Multi-instrumentalist, composer, chess grandmaster and occasional author Anthony Braxton once drew as much criticism and ridicule as Wynton Marsalis. Despite being a champion of experimental material in both the improvising and classical traditions, Braxton has been blistered for every sin, from having a cold, soulless style to being overly infatuated with Stockhausen and Dave Brubeck. When Braxton's pioneering, and recently reissued, solo-sax session For Alto was issued in 1968, the results were labeled either revolutionary or disgraceful depending on the perspective. Almost 33 years and multiple albums later, Braxton has been proved neither fraud nor seer. He was and is a fine player, especially on the cumbersome twins-bass and contrabass clarinets-and his compositions have become less pretentious and more engaging.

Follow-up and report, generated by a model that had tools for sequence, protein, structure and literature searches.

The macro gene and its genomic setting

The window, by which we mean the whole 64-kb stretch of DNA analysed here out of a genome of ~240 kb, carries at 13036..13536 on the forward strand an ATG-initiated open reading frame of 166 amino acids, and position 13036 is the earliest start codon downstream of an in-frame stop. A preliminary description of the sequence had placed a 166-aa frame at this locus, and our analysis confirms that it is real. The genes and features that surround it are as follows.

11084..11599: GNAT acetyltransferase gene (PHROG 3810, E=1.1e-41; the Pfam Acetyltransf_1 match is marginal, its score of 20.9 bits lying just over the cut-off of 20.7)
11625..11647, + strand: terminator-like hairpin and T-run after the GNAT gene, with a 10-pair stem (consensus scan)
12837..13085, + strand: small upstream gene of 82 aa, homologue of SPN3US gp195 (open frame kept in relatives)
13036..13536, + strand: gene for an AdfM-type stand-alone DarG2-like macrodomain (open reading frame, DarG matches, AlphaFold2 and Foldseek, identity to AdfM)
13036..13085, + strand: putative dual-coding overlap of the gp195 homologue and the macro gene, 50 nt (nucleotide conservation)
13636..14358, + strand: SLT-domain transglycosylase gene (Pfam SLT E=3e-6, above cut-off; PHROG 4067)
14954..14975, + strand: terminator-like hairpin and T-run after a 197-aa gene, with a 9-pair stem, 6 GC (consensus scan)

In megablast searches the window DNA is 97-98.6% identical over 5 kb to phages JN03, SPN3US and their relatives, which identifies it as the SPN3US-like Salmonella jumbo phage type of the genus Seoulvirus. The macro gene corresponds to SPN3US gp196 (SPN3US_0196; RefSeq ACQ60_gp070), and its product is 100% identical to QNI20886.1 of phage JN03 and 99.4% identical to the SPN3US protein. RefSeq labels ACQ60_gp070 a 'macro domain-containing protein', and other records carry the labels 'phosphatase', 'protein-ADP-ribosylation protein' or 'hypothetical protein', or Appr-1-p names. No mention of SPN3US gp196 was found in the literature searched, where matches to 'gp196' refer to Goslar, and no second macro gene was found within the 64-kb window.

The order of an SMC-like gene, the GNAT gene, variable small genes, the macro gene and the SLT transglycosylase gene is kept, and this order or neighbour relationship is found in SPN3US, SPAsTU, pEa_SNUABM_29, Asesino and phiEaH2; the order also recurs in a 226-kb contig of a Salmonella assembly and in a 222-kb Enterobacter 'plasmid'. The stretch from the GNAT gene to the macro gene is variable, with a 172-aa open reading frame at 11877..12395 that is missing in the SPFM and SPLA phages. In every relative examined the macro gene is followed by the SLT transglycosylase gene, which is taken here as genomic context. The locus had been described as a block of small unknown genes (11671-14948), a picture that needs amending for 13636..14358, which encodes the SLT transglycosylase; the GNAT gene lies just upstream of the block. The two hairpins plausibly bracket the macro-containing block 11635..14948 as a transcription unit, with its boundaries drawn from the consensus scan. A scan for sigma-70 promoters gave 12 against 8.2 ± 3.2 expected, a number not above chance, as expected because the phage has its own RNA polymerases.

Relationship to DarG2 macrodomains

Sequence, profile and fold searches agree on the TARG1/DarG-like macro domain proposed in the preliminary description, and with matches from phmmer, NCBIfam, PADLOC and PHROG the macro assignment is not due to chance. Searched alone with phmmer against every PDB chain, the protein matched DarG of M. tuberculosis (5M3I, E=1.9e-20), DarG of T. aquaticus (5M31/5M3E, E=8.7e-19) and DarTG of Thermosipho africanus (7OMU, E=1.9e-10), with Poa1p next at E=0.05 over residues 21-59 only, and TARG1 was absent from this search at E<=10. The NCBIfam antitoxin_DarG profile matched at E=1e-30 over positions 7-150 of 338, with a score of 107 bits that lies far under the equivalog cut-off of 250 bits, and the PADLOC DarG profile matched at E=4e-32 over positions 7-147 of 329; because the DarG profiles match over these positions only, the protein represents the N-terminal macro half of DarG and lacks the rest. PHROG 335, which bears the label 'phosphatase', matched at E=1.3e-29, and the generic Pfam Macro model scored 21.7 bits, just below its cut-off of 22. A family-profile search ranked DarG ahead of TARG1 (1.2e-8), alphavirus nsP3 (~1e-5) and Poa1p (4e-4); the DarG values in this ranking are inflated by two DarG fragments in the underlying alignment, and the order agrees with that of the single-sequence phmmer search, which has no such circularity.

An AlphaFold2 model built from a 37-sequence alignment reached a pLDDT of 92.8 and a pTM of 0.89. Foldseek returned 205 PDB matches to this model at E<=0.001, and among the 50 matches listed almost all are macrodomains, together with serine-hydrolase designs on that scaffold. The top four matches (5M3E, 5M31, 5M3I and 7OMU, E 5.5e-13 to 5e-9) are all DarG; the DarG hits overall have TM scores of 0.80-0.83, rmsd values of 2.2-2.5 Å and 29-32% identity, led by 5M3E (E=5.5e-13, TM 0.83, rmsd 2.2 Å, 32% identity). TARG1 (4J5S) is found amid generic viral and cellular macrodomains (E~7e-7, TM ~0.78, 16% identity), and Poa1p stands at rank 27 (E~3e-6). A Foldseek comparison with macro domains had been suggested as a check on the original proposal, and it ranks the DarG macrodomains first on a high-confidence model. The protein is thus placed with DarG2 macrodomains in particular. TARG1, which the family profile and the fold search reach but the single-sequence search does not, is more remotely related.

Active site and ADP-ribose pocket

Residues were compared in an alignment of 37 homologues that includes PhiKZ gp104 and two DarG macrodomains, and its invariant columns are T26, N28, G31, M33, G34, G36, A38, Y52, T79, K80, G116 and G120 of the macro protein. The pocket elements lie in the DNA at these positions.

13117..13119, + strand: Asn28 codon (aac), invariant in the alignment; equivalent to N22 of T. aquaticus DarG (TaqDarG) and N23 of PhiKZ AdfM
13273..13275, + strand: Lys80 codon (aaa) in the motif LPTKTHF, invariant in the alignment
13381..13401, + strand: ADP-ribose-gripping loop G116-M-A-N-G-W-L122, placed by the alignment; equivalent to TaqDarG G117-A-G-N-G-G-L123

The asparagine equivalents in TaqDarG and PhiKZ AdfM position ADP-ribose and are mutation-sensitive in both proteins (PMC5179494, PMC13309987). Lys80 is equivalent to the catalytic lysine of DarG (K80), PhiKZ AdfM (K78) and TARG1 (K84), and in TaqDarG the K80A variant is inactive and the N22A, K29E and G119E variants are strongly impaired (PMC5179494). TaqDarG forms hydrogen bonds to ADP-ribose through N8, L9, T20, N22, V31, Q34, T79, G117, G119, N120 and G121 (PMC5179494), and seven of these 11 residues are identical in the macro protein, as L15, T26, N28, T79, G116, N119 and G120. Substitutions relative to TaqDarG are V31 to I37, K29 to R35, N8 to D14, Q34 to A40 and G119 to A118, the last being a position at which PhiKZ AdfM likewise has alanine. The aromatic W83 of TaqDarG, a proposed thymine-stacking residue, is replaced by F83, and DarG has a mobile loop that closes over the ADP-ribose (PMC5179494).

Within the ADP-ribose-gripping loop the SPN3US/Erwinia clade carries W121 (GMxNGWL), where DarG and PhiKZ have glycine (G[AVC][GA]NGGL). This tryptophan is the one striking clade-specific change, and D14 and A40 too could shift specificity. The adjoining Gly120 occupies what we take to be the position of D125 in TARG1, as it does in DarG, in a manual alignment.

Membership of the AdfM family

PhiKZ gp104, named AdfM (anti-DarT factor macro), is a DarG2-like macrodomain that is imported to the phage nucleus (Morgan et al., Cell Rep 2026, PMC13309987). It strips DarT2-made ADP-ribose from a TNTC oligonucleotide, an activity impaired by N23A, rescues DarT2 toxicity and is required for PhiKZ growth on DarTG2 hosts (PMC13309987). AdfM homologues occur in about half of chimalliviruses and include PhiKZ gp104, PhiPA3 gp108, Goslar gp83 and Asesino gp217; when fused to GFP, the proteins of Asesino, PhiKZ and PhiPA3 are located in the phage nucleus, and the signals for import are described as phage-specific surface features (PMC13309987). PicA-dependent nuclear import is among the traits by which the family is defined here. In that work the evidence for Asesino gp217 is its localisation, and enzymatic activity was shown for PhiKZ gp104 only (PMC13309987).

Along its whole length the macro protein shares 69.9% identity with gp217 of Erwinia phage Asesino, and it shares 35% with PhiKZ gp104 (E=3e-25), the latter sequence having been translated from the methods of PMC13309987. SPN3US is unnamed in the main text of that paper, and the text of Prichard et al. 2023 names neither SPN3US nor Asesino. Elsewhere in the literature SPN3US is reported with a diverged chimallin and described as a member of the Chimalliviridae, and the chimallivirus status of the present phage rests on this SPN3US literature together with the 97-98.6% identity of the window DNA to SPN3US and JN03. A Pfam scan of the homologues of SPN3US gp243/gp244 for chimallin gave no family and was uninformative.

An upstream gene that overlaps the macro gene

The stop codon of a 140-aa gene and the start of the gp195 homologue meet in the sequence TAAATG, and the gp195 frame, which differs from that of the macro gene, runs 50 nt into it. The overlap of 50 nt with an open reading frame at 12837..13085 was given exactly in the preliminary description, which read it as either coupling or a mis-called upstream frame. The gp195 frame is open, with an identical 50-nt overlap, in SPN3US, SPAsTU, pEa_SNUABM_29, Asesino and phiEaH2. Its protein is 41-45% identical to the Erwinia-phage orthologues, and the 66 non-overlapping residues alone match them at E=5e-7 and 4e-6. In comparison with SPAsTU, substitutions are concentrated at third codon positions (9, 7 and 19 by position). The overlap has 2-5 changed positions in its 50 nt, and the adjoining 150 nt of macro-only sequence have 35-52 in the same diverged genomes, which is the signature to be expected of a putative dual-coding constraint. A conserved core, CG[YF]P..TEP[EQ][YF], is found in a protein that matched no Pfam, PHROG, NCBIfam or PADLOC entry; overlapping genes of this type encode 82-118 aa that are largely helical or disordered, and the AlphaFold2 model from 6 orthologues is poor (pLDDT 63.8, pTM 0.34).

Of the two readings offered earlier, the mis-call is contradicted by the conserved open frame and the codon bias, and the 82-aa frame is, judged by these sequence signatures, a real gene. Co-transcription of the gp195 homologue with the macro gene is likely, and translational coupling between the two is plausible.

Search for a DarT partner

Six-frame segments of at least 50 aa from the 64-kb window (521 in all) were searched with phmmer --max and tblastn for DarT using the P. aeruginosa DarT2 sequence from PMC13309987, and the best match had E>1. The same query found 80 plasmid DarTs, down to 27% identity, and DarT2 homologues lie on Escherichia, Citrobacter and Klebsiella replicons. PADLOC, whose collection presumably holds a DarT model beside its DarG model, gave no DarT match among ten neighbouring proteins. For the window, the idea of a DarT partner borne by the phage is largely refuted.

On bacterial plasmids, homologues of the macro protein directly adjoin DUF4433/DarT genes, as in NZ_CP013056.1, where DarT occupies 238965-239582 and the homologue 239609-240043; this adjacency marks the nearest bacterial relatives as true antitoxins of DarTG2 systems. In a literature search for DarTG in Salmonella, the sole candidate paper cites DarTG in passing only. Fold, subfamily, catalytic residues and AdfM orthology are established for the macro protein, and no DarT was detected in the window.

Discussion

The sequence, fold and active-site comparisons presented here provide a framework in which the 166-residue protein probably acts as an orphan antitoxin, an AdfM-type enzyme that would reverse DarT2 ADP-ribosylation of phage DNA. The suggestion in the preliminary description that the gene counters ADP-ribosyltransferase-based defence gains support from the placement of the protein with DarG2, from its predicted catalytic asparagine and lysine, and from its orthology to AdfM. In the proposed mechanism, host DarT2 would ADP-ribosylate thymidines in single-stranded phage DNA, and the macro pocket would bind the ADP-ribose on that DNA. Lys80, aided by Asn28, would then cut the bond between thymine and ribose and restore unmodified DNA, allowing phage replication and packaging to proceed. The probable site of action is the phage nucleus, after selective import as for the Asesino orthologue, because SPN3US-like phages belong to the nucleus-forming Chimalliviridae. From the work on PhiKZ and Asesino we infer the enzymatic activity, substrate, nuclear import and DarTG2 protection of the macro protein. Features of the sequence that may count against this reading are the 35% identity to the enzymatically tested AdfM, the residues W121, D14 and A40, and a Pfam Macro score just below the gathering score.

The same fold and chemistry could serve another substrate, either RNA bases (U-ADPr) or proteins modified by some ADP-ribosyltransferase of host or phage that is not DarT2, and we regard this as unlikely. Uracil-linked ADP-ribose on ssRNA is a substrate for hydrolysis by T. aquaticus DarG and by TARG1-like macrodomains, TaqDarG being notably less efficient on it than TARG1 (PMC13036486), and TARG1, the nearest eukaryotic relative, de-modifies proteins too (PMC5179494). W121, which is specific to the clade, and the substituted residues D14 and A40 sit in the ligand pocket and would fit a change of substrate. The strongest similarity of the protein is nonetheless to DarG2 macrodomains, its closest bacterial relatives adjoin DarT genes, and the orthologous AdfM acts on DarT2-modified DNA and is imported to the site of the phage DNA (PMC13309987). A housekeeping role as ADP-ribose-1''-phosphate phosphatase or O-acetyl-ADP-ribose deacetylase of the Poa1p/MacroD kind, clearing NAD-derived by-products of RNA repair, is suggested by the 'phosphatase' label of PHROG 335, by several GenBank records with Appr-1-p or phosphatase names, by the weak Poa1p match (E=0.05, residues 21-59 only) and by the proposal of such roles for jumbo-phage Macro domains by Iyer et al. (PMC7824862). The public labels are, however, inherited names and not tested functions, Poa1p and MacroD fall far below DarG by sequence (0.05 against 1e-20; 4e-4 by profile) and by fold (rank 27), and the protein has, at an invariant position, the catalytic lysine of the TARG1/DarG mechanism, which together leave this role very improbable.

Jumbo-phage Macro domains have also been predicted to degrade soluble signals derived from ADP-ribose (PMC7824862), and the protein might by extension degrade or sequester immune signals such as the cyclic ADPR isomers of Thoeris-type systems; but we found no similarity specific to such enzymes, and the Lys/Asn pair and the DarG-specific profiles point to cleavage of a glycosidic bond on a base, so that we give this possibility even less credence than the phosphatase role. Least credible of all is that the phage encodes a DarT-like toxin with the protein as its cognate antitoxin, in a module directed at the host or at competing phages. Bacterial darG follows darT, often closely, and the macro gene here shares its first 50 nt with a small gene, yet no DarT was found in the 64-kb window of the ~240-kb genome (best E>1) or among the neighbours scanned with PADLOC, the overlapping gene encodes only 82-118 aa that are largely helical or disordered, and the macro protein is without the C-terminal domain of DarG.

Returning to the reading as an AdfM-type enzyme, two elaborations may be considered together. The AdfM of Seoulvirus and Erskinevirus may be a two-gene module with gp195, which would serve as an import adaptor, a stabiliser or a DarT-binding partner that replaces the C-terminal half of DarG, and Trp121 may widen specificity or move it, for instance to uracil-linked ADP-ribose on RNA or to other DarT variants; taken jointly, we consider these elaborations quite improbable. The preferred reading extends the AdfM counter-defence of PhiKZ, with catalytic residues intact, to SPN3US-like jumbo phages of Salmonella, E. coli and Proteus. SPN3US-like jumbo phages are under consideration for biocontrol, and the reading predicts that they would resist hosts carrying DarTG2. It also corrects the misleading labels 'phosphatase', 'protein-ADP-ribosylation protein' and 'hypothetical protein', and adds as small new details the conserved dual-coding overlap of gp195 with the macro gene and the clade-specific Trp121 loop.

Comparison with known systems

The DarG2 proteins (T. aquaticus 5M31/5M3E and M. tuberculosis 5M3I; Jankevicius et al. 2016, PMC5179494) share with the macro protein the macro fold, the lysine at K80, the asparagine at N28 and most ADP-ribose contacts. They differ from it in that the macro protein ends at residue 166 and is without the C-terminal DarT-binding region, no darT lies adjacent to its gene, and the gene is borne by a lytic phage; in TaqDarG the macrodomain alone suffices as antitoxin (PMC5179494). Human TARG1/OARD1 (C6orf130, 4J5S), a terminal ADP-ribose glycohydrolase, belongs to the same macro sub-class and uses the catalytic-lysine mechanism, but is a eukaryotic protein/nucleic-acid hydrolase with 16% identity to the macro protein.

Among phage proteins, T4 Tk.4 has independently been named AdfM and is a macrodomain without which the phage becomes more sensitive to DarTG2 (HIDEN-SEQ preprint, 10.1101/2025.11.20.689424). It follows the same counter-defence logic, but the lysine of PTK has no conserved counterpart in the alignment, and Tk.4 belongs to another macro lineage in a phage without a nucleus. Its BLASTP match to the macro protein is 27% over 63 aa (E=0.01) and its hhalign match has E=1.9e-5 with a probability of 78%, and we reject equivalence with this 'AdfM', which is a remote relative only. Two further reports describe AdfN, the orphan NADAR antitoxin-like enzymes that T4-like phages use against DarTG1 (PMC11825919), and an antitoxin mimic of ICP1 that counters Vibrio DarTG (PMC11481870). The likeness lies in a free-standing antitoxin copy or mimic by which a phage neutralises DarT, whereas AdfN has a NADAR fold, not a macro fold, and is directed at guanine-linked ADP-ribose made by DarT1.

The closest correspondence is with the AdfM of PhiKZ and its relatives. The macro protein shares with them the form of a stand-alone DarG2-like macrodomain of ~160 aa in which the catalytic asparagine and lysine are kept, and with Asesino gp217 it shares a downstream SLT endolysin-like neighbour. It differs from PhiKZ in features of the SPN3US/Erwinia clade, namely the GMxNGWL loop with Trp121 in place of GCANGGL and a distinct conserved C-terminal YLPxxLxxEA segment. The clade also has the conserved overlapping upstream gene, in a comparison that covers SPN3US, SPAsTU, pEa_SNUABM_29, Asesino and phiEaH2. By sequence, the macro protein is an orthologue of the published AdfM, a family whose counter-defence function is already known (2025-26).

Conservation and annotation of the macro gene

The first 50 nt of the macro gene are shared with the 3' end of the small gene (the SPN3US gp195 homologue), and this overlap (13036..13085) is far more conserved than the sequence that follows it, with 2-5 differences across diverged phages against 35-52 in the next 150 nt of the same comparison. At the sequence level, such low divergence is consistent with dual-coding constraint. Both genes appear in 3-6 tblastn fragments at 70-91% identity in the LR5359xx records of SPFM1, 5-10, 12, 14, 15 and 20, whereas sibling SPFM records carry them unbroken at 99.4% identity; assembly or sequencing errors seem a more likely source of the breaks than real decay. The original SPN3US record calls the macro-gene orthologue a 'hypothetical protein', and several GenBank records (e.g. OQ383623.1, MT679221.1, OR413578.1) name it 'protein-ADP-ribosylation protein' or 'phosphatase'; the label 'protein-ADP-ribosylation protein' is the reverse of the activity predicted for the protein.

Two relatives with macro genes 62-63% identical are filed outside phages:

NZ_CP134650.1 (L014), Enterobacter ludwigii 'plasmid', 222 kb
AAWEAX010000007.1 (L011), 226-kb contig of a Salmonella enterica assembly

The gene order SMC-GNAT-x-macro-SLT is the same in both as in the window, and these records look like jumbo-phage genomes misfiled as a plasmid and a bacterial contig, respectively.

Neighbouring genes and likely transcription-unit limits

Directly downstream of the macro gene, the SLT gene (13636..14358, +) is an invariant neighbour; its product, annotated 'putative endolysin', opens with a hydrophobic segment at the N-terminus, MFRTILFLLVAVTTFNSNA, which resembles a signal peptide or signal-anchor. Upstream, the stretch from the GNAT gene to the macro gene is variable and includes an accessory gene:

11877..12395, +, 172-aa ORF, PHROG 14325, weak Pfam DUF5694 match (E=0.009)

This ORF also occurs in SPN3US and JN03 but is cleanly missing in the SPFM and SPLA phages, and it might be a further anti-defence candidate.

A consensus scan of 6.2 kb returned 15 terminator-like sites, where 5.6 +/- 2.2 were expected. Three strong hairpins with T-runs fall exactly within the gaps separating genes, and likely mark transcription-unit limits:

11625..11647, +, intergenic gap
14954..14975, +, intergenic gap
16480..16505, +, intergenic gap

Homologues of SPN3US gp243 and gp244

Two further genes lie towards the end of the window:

Quintet (Basel) 1977 features Braxton with the best cast among the discs. Trombonist George Lewis' floating, often humorous recants to Braxton's leaps and darts on alto sax, sopranino and clarinet, as well as Muhal Richard Abrams' masterful accompaniment and measured yet bluesy playing, make the four lengthy numbers engrossing. The highlight is the almost 27-minute "Composition 69 N/G," which gets bolstered by edgy bass work from Mark Helias and reliable percussive tapestry provided by Charles "Bobo" Shaw. Shaw's spirited drumming brings some funk and fire to the date, while Abrams imbues it with dignity and Lewis gives it spunk. Braxton's shrieks and moans on alto can become wearing when he endlessly repeats figures and phrases. The alto may be the instrument Braxton's most identified with but it remains his weakest, For Alto notwithstanding. His tone frequently sounds thin and shrill, and the ideas just don't flow as quickly or decisively as they do on any other instrument he plays.